Can Lebron James Make LA Great Again?

NEW GEOGRAPHY--With his decision to move to Los Angeles, LeBron James has given our metropolis another reason to feel good about itself.

When it comes to sports, and celebrity, Los Angeles’ lead is only growing, as evidenced by the recent movement of two football teams to the area, the proposed construction of a new basketball facility for the Clippers and the winning of the 2028 Olympics games.

Los Angeles is clearly winning the battle for sports screen time. In choosing Southern California, James effectively dissed Cleveland, no great rival, but also wannabe Houston, which he apparently has no fondness for, as well as Philadelphia and Boston, two attractive traditional basketball junkie centers. The fact that New York, America’s other megacity, was not even in the discussion might constitute the sweetest message of all.

But what does this mean overall, besides providing photo-ops for an Eric Garcetti presidential bid, for the vast majority of Angelenos? Probably not much. Although, we may get to enjoy some basketball before the inevitable hammering from the increasingly invincible Golden State Warriors.

Understanding our assets

LeBron’s decision reflects the two great strengths of Southern California — its Hollywood/celebrity culture and its best on the planet weather. These attract the rich and famous, as has been the case for generations.

But how much does this extend to the rest of us? When Hollywood was at its peak in the 1930s and 1940s, Southern California was a dream factory not just for films and music, but for ordinary people. Defense industries made it, by some calculations, the largest center for scientists and engineers on the planet, and a booming population drove a large, homegrown industry of architects, developers, master planners, household fixture and car manufacturers.

Today, even though the insipid celebrity culture thrives, the other pillars of the region are stagnant or declining. Manufacturing jobs continue to decline, 89,000 since 2007, even amidst a national surge. Homebuilding remains focused largely on high-end unaffordable multi-family housing. More middle-range, family friendly housing is increasingly out of reach for the vast majority. Incomes have continued to drop relative to rent, and conditions in South Central Los Angeles, home to the 1992 riots, are, if anything, worse.

What has changed since Wilt and Magic?

Even when Wilt Chamberlain and Magic Johnson powered our basketball culture, Los Angeles was still a magnet for both foreign immigrants and domestic migrants. Today, instead of attracting masses of people, Los Angeles is expelling them at the fourth highest rate among the country’s 53 big metros. The transfer of people to Nevada’s Clark County from Los Angeles, according to one recent survey, is now the largest county-to-county movement across state lines in the nation.

Like Los Angeles, Las Vegas is a city of glitz, but there, at least, living near stars does not mean astronomic costs. Los Angeles continues to be a beacon for the wealthy but is losing its broad demographic appeal to other, less naturally favorable, environments like Austin, Orlando and Nashville. Each of these have their own glitz, but, like Vegas, the price you pay is much less.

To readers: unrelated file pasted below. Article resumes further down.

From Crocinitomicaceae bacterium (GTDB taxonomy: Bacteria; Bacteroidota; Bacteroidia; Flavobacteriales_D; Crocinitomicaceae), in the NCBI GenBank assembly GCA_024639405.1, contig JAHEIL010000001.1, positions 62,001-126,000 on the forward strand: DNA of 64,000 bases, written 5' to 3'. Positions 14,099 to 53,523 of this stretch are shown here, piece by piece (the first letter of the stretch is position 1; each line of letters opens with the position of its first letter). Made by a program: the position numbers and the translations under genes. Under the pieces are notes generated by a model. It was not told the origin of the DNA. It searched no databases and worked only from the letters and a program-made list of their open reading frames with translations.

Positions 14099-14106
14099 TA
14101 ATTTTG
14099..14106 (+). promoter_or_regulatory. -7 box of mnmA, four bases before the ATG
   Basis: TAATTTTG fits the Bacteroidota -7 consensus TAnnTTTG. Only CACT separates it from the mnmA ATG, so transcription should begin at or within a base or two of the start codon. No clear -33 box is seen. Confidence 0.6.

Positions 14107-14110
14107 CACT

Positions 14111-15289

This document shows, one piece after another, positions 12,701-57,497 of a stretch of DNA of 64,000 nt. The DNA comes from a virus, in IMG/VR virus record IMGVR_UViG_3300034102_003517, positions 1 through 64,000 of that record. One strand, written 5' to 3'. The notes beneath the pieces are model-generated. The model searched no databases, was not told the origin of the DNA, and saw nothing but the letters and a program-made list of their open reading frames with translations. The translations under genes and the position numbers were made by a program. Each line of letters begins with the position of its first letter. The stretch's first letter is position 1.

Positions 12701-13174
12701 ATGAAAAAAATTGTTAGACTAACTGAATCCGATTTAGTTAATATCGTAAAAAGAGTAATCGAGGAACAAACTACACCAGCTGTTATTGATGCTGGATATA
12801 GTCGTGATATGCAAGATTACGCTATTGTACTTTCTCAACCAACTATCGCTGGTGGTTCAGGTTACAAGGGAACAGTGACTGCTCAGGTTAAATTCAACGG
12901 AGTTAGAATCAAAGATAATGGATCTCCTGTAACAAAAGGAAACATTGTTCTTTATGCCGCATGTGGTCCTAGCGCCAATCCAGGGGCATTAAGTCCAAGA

More important still, these Los Angeles wannabes are expanding their economic toolkit. Each is expanding their tech economy radically while Southern California’s intermittently stagnates or contracts. Other cities, like Dallas-Ft. Worth, are becoming corporate and financial behemoths while the arch-rival, the Bay Area, walks off with virtually all of California’s new high-wage jobs.

A mission for a king?

When LeBron first left Cleveland, it was a hard blow against a scrappy, still struggling city. Now that he has left it again, it remains, perhaps slightly less challenged in terms of image, among the weaker economies in the nation.

Los Angeles may not be as needy as Cleveland, but desperately needs something other than a celebrity boost. Our region is rapidly becoming feudalized between rich and poor. If you go to supposedly “gentrifying” areas like Koreatown, you see luxury high-rises, mostly for foreigners, next to decrepit older office buildings, struggling working-class families and a huge homeless encampment. Similar, if not quite as jarring, disparities are evident across the region, even in Orange County.

LeBron may see Los Angeles in its most glittering light, but he should also realize that the young and minorities, as a recent UCLA study reveals, are increasingly alienated and dispirited about rising rents, modest opportunities and impossible house prices. We need stars to promote better options to our youths beyond celebration of athletic greatness.

Like so many of Los Angeles’ creators — the Chandlers, the Ahmansons and Eli Broad — LeBron hails from the Midwest, a place that celebrates hard work and loyalty to the community. His boss, and fellow Midwesterner, Magic Johnson, played a prominent role in the rebuilding after the 1992 riots. Schooled in hard winters and bleak landscapes, refugees from the heartland often appreciate Southern California more than many long-term residents.

Los Angeles needs a king who can not only dribble and shoot, but also push his shoulder to the wheel to restore hope to the next generation. If LeBron can commit to that, I won’t resent not being able to afford Lakers tickets this fall.

(Joel Kotkin is the R.C. Hobbs Presidential Fellow in Urban Futures at Chapman University in Orange and executive director of the Houston-based Center for Opportunity Urbanism. He is an occasional contributor to CityWatch.) This piece first appeared in New Geography.

-cw